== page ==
Silver Lake

Silver Lake  (Courtesy photo by jamie Boudreau)

I have told so many stories in the good old Town Crier that I had to go back and read a few to see if I told this beauty. I did not find this story so — here we go.

It took place in the summer of 1960 or so.

Back in those days we spent a huge amount of time at Silver Lake. At the age of six, seven or eight we would walk, run, or ride bikes to the lake and spend all day there and then head home the same way we came. I can still see the line of exhausted kids dragging our towels as we made our way home after a long day of “fun in the sun!”

It still amazes me to this day that we were allowed to travel all over town at such a young age. Two things come to mind about that. For one — that was a very different time. It was an innocent time in a small town where you trusted your neighbors to look out after your kid if they needed help. Also (for my family of 10 with a single mother) responsibility for other kids was handed out liberally at a very young age out of necessity.

I was the “oldest of the little kids” in my family. I was often in charge of four little brothers and sisters. I be­lieve the job should have been my sister Sharon’s job — but she was often troubled with a lifelong illness that kept her from that responsibility.

Thus the job of watching these kids came to me.

Which brings me to this story.

Back then there was a grocery store called Stevens Mar­ket right across the lake from the public beach.

My mother sometimes drop­ped us off at the public beach to swim while she went grocery shopping. After shopping she would sometimes go for a swim with us as she picked us up.

On this particular day my mother let us out at the beach as she looked at me and said, “keep an eye on the little kids!” Oh boy, this meant I had to watch two brothers and a sister. My youngest sister was too little to come with us at that time.

Imagine if you will — a seven year old boy keeping an eye on three kids, on a hot day, at a crowded beach.

Most of the times, these guys would do as I said, but other times they could be stubborn and do what they wanted and not listen to me at all. They could and would say “you’re not the boss o’ me!!”

Watching these kids was a tough job that I seemed to embrace with an open heart because I had a deep love and sense of responsibility to them.

Things were going along pretty good that day when suddenly all hell broke loose!

I was looking at my next younger brother Cliff when a GIANT horsefly landed on his forehead and bit him. The next thing I knew his head started to swell to biblical proportions.

I panicked as I broke out in chills and goose bumps. I ran for help. I knew there was an older lady there who ran the beach. I remember she used to sit on the beach and knit to this day.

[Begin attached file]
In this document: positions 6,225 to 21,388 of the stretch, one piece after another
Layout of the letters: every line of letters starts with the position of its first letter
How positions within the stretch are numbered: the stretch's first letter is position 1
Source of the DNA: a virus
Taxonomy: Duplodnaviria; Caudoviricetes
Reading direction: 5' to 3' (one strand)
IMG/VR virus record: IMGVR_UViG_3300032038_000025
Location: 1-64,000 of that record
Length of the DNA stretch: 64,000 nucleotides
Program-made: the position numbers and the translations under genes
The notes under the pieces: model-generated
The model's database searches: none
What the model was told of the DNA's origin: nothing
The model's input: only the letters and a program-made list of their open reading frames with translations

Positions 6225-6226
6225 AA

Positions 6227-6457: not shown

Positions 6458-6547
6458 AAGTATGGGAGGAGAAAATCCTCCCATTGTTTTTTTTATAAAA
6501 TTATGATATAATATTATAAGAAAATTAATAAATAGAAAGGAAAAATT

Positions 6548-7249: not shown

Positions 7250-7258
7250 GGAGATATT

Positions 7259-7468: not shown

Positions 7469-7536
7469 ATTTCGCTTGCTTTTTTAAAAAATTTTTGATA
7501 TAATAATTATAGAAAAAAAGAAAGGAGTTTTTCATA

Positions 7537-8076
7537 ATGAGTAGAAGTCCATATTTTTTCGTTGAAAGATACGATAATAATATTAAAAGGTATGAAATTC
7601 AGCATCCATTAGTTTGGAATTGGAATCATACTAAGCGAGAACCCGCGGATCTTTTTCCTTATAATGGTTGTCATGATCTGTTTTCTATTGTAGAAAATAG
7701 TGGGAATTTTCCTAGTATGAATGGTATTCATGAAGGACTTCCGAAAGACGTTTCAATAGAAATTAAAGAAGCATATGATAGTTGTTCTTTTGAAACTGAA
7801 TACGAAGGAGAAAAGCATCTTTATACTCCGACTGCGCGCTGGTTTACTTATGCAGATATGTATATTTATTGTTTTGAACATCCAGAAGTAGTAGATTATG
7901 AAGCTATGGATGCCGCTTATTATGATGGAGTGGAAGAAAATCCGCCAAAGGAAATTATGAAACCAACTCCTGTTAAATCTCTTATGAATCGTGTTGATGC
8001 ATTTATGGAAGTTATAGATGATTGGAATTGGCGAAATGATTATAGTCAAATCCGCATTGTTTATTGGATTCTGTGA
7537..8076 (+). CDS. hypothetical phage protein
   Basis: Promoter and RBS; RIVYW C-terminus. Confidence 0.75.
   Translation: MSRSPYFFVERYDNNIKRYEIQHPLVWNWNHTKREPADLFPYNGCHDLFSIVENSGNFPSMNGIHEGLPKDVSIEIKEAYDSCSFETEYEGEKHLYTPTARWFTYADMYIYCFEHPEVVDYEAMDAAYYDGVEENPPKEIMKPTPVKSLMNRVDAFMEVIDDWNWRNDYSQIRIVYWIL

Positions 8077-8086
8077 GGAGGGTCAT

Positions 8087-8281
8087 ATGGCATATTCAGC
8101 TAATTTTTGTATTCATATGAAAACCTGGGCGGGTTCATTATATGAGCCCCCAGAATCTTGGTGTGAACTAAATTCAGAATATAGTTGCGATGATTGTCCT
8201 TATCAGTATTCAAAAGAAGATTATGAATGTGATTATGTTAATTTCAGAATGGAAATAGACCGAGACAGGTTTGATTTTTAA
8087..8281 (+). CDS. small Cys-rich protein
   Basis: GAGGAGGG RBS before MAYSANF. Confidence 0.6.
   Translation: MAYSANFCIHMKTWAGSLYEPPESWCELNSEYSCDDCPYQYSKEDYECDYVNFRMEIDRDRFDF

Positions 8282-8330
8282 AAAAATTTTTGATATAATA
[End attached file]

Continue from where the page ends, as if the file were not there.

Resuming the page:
I’m not sure what happened. Whether I was afraid to ask her or if I found her or what the hell happened but I came up empty. No help!

I quickly ran back to my kids and grabbed my brother and started to shove him towards the chain link fence gate as I yelled and pointed.

I pointed to Stevens Market way across the lake and yelled, “Ma is over there, Ma is over there, run to her, run to her!!

No kidding — that’s the best I could come up with at the time. I could not leave the other kids and it was all I could think to do.

I can still see in my mind my brother — with his swol­len head — as he ran around the fence. I remember thinking with a sinking heart that he just wasn’t going to make it, he is dead in the water. My brother is going to die and it is my fault.

But, just as he was even with me on the other side of the fence the Wilmington Police pulled up to him in their cruiser. I yelled out real loud and fast “That’smylittle­brotherandhegotstungand mymotherisNancyClarkandsheisgroceryshoppingatSte-vensMarket!!”

The police man put him in the back seat and drove away.

That is all I remember that day. I know my brother made it because he is still with us some 59 years later.

I also am so glad he made it because I know I would have felt guilty for the rest of my life.

I have looked back at this memory and often find my­self feeling guilty that I did not handle things well. You know how it is. Some things get planted in your mind when you are little and you just can’t shake it. How­­ever, I had a counselor once who told me that she thought I was a great hero who saved my brother’s life. I was only seven and I did the best I could, and my bro­ther is alive.

Oh, and this might seem weird or whatever but I had a dream one time. I am not sure if I was awake or asleep when I saw a picture in my mind of the policeman in the passenger seat of that cruiser and he looked just like Je­sus as I picture him. Maybe somebody else was looking out for my little brother, too!

I hope you enjoy the rest of your summer. Sigh! It’s al­most over.

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